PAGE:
Power Yoga: Easy She Sweats | Jackson Free Press | Jackson, MS

Power Yoga: Easy She Sweats

Ropes, straps and other implements of potential torture hang on the studio's walls. The shelves are filled with bolsters, pranayama pillows, blocks, mats and blankets. The hardwood floors are polished, and mirrors cover the back wall. A fountain trickles in the background, and a CD player plays soft music. Tonight, an electric heater keeps the room warmed to a toasty level, a prerequisite for sweat-inducing power yoga.

The class is already positioned on the floor, mats parallel, when I arrive. I slip in, hoping to hide. Expecting jumping jacks, kick boxing and Lord knows what else, I'm surprised when instructor Wendy Crumpton leads the group of five women through what seems a "normal" yoga warm-up routine of slow stretching and deep breathing. The pace will pick up soon enough, though.

"Power yoga" is a purely American form: yoga with a boot-camp flavor. This fast-paced progression from one posture to another involves much sweat and loud breathing. "Each movement is linked to some other movement, so you're continuously flowing. It is very heat-producing and somewhat aerobic," says Crumpton, a teacher at Clinton's Center for Yoga and Health. The main point, she explains, is to increase the heat and get the body as warm as possible." That warmth, she says, helps calm the breath and still the mind; then you can meditate.

"Power yoga," which has recently been popularized by celebrities like Sting and Madonna, evolved from traditional Ashtanga yoga, which some practitioners claim goes back thousands of years. Emerging on the east and west coasts at the same time, from teachers Bryan Kest and Beryl Bender Birch, power yoga represents a shorter and sometimes easier form of Ashtanga, which consists of five different levels, beginning with the "primary series." "I've made it through a couple of (Ashtanga) primary series, but it doesn't ring my chimes," says Rebecca Laney, owner of the Clinton studio, and a certified yoga therapist. "It almost takes the athletic type of body and psyche to do it." Crumpton adds, "Very, very, very few people do the fifth series!"

Which brings us back to meditating. "You have to be very aware of your body moving in space," says Crumpton, who has practiced Ashtanga for two years. To facilitate awareness, yogis use a form of breathing called ujjayi (pronounced ooh-ja-ee), in which the breath passes over the vocal cords, creating a unique sound. Crumpton calls it "ocean-sounding breath" (some suggest it's more like Darth Vader). Instead of the mantras used for seated meditation, power yoga uses ujjayi breath to settle and calm the mind. Whether you are seated or flowing through rapidly changing positions, it's still meditation.

Crumpton says her Ashtanga practice has benefited her immensely. "You get to a place where it's less about your physique and more about calmness and spirituality," she says. "Some people think you have to be a Buddhist or a Hindu or some weird religion" to practice yoga, and "that's just not true. I'm a practicing Catholic, and it's deepened my spirituality and my faith."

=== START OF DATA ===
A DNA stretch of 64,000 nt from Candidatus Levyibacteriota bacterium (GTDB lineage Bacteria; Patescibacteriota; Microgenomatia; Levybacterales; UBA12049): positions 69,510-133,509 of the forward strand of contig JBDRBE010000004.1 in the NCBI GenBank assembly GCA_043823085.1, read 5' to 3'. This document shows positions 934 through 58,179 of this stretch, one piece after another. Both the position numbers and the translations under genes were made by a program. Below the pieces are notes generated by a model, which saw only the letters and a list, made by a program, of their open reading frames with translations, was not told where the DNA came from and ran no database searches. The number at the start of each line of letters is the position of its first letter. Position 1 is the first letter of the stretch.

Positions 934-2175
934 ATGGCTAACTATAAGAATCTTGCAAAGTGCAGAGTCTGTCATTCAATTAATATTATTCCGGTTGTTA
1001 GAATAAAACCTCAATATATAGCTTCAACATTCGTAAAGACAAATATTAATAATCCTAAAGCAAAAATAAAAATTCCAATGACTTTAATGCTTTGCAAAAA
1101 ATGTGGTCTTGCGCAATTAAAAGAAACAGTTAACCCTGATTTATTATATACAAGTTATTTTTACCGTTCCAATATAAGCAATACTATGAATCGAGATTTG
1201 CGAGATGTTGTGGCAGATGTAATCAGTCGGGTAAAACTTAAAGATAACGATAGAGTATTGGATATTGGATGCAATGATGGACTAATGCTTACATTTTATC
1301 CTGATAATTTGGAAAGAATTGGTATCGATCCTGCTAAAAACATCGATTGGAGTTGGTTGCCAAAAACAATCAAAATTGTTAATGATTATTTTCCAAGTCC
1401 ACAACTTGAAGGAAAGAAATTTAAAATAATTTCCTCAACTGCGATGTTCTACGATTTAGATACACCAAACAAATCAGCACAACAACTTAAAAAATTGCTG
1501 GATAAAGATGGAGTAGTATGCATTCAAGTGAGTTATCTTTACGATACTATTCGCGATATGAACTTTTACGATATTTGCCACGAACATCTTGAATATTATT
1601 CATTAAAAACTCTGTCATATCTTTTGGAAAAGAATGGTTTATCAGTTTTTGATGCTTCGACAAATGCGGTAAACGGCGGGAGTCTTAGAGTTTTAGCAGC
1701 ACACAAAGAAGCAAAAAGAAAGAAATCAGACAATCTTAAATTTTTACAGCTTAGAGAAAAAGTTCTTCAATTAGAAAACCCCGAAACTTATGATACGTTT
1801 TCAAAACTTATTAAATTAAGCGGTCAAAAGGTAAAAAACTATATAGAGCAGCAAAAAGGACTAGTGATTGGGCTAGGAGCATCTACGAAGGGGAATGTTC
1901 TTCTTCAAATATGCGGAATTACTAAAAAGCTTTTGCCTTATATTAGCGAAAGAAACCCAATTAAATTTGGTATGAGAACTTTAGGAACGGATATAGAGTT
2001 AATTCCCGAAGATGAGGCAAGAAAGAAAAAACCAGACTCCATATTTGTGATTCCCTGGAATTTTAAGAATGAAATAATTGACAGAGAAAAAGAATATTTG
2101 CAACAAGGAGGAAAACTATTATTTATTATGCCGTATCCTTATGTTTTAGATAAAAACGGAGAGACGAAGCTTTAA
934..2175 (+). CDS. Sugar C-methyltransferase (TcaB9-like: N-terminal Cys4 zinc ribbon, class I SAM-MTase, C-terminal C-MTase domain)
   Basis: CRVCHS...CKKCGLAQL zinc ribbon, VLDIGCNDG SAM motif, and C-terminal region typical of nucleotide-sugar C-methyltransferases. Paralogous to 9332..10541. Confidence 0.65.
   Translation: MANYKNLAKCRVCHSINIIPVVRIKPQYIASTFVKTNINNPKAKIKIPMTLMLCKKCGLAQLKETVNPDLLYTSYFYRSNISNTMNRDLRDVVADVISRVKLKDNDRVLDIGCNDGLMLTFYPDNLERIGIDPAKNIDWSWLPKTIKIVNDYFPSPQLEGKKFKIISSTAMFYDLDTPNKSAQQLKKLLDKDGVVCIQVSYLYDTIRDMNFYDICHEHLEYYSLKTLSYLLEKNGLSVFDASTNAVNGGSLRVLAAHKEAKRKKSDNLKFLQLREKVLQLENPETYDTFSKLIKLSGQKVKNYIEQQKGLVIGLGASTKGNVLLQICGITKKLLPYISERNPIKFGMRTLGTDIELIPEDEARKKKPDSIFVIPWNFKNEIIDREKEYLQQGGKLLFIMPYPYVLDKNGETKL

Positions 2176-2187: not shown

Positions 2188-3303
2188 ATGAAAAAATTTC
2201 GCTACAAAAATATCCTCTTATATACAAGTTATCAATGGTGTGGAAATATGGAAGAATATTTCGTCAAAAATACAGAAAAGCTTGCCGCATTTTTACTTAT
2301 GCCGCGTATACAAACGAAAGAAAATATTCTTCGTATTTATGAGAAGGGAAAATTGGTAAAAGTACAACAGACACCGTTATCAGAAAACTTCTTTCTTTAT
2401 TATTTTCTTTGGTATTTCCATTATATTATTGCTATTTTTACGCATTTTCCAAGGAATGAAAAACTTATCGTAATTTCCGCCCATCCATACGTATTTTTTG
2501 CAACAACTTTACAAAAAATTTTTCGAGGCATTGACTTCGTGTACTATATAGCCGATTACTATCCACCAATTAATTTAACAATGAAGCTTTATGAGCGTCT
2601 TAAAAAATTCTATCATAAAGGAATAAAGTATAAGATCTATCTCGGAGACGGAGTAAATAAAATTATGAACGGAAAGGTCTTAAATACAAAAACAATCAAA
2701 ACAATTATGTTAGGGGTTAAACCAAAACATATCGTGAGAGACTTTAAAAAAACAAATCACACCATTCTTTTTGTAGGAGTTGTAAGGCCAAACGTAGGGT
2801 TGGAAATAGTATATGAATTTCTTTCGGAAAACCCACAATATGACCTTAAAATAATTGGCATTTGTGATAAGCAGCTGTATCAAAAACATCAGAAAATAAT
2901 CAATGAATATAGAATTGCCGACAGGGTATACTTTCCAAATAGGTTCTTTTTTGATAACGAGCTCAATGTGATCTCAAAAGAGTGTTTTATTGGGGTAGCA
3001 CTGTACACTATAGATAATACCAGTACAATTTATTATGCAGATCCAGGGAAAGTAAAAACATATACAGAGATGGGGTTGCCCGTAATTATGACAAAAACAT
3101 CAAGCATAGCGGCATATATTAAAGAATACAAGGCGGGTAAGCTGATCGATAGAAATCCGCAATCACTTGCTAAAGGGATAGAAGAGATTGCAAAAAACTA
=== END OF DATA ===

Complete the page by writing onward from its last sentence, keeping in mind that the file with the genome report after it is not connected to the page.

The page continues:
Because of its fast pace, power yoga should not be taken lightly. Safety is a primary concern. The increasing popularity of Ashtanga around the country has caused many injuries, when yoga newbies take on too much too soon or poorly trained instructors do not provide adequate information and preparation for their students. Laney says people considering power yoga must take time to understand the breathing, alignment and form of yoga. Even "the best power yoga teacher doesn't have time to give (students) the alignment, the concept, the breath, when they go through sun salutations and hit 20 postures in a minute and a half, " she says. Students "need to come in at a lower level," then progress to power yoga, or "cardio yoga," as it is sometimes called.

Debi Lewis, the owner of JoyFlow Yoga in Ridgeland and Flowood, said all her classes have the "flavor" of power yoga, but move more slowly, allowing instructors to take more time to explain the moves to ensure safety. She advises that new students take slower-paced yoga classes before picking up speed. "My regular classes are pretty vigorous already," she says. "They should know the postures first."

Tanya Bailey, who studied yoga with an Indian guru for three years, teaches yoga and pilates at the I-55 YMCA and other sports clubs in the area. "You can really hurt yourself with Ashtanga if you're out of shape," Bailey cautions. "With discipline, though, you can work up through the levels to achieve incredible results. Discipline "was my upbringing," Bailey says. For this native of Russia, who trained as a professional gymnast and served on the Russian Olympic team, power yoga is a way to continue her training. "The postures in power yoga are really elements of modern gymnastics," she explains.

There are no national guidelines or certification requirements for yoga teachers, but you can find suggested minimum prerequisites on the Yoga Alliance Web site (http://www.yogaalliance.com). Before you begin any yoga training, be sure to talk with the instructor about your physical condition and other significant facts about yourself. Most yoga studios offer a range of classes, making progression from one level to the next easy. The teachers will help you find the beginning place that's right for you.

No matter where you choose to go, be prepared to exercise carefully and with discipline. As Bailey says, "Discipline is the power of commitment, knowledge of boundaries, and respect of your limitations."


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